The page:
Well, this of course takes a trip to Lowe's. We have to look at what type of path trimmings are available that we like. We decide on these scalloped brick things, because Yasmin thinks they will look cool and are more instresting that the plain old ordinary bricks. OK, we don't buy them immediately, but we do buy a ball of twine to mark the path. Then, back home, stake the path, get out the tape measure, mark it all off. Turns out to be about 130' worth of walkway. This all happened after I used the weed wacker and lawn mower to essentially cut the grass down to dirt so we could actually see what the path might look like.
While I'm busy with this process, Yasmin is clipping some of the the bushes away from the path. It's one of the giant non descript bushes that generates white flowers, then red barries later in the summer. That, and the prune plum tree. This generates another pile of twigs and leaves, that of course won't fit into the already full yard waste container. So, they'll have to be stuffed into bags. But, we have a new feature now, it is a staked out path that almost looks like a path. One or two or three more milestones may be needed to finish the task.
Having staked out the path, we went off to Costco to buy a dvd, and then made a side trip to Home depot to see what they had going in the pavers department. Not as wide a selection as Lowe's so back to Lowe's.
Alright. We need exactly 128 of the 1 foot scalloped things, and 24 of the curved ones to make our curves. Just a little more than we need to account for breakage, and design changes. The nice thing about Lowe's is that they help you with “load out”. That is, the nice guy helped me put all those bricks into the back of my truck so I could get home quickly...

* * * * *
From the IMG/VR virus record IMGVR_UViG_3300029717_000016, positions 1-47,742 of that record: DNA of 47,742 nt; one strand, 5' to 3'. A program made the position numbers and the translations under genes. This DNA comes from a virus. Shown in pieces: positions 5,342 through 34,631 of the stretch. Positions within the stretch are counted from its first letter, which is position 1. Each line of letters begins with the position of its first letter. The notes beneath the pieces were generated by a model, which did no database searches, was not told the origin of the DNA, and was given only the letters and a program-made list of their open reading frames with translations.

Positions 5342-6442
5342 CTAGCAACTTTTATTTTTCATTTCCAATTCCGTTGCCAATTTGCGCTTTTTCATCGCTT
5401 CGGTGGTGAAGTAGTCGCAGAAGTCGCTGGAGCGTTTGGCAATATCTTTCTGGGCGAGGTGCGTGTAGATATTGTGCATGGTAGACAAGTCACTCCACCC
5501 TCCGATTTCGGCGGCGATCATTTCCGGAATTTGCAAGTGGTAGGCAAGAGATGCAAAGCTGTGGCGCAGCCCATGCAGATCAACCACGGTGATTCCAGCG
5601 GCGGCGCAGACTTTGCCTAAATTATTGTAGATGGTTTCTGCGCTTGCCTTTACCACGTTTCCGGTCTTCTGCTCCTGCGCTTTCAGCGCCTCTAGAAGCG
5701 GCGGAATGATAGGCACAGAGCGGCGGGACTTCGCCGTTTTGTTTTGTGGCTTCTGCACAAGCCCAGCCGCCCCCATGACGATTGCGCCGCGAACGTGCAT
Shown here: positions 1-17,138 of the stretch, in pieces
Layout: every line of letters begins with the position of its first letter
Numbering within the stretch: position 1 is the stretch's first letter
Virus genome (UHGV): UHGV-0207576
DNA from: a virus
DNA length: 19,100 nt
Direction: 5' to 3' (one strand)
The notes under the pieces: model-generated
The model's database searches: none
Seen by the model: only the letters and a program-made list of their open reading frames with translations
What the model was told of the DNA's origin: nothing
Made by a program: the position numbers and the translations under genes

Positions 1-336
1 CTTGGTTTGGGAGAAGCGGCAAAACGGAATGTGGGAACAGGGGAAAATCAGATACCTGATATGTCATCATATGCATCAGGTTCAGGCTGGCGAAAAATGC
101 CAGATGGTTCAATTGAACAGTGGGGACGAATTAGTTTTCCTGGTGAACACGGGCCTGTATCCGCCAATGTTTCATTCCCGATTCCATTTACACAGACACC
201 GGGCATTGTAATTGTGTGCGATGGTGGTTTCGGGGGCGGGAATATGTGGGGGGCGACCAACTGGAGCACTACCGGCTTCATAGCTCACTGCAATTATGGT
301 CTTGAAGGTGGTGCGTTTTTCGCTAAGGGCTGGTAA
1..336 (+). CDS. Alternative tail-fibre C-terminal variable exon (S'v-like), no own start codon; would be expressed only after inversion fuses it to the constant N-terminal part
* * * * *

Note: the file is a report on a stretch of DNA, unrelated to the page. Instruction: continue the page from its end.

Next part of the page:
And then... All by myself, I had to take all those bricks and move them up a staircase from the driveway, across the front lawn, up the path, into the back yard, and stack them all nice and neat like. Tenacity, perseverance, perspiration, and a sheer determination, and I had the task done in about an hour.
Now what do we have? In order to clean up the trash, that is, in order to eliminate a bit of green from my back yard, I've increased the yard waste, but chopping down some bushes, generated some grass clippings from clearing out the path, put a huge amount of brick dust in my car, and deposited a number of bricks in a pile to be dealt with. Not to mention the introduction of 20 or so stakes and the accompanying twine.
After the next milestone, this stuff will all be put in its proper place, and all the trash will eventually get cleaned up, even if it does take a couple more seasons. In the end, we'll have a wonderfully organized yard with minimized waste, all nice and tidy and orderly.
As I tucked Yasmin into bed tonight, we started thinking about the things we'll be doing with our newly organized space. Word of forts, with water features dividing them. Park benches, with arbors, gazebos, and waterfalls. In the fullness of time, we'll actually implement all these features. For now, we're just going to have to deal with all the trash we've just generated.